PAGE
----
Remember those crazy swings in oil prices last year, when the cost of a barrel jumped by $25 in a single day and consumers paid record amounts at the pump? Back then, the Commodity Futures Trading Commission reported it was a matter of supply and demand.
That was back then. Today the Wall Street Journal reports (subs. requ'd.) that the CFTC is planning another report, one that will pin the fluctuation on speculation by oil traders. Bart Chilton, one of four CFTC commissioners, tells the WSJ the original report to Congress was based on "deeply flawed" data. From the WSJ:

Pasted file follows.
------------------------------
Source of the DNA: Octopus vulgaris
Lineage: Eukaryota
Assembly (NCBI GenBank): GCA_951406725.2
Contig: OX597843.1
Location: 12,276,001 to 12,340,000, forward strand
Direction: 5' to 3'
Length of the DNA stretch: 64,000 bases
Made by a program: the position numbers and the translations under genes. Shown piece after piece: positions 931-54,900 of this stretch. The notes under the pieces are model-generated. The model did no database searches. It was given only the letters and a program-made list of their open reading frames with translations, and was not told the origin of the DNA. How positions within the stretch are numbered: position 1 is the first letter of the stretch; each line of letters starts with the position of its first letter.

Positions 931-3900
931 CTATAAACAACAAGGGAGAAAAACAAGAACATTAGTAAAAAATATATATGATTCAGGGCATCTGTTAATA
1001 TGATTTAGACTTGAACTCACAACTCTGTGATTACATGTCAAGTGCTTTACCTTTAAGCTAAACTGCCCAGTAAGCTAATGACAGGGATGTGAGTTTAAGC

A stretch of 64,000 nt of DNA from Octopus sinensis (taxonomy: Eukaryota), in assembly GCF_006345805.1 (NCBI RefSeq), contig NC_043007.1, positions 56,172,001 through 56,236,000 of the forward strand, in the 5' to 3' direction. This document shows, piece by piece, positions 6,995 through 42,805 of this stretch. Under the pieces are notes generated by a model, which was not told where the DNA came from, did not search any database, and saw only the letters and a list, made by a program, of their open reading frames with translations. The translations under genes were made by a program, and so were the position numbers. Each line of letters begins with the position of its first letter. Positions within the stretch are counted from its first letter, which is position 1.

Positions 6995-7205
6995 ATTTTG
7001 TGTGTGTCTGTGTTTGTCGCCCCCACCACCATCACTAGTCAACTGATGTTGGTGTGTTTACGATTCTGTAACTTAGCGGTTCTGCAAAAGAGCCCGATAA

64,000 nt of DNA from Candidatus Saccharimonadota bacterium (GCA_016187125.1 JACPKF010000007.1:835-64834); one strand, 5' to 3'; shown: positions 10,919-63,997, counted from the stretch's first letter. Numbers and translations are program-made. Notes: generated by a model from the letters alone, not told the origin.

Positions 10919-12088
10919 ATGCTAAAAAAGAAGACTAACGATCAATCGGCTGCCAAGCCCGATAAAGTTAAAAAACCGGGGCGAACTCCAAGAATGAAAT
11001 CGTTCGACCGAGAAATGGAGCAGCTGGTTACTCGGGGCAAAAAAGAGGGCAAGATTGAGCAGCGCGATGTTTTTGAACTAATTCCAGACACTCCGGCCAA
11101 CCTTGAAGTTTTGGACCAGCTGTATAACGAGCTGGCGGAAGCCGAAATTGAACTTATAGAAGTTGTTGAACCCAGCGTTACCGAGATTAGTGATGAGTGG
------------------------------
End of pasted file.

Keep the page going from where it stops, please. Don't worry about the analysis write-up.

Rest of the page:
Mr. Chilton dissented from the 2008 CFTC report, saying the agency's conclusions didn't go far enough. He expressed doubt about the amount and type of data received, which he called limited and unreliable. "We didn't have all the information we should have," he said. "And we gave it to Congress anyway, and we spun it."
Chilton tells the paper the new report will draw from a wider pool of sources. The CFTC begins hearings today on whether to limit speculation in the commodities market.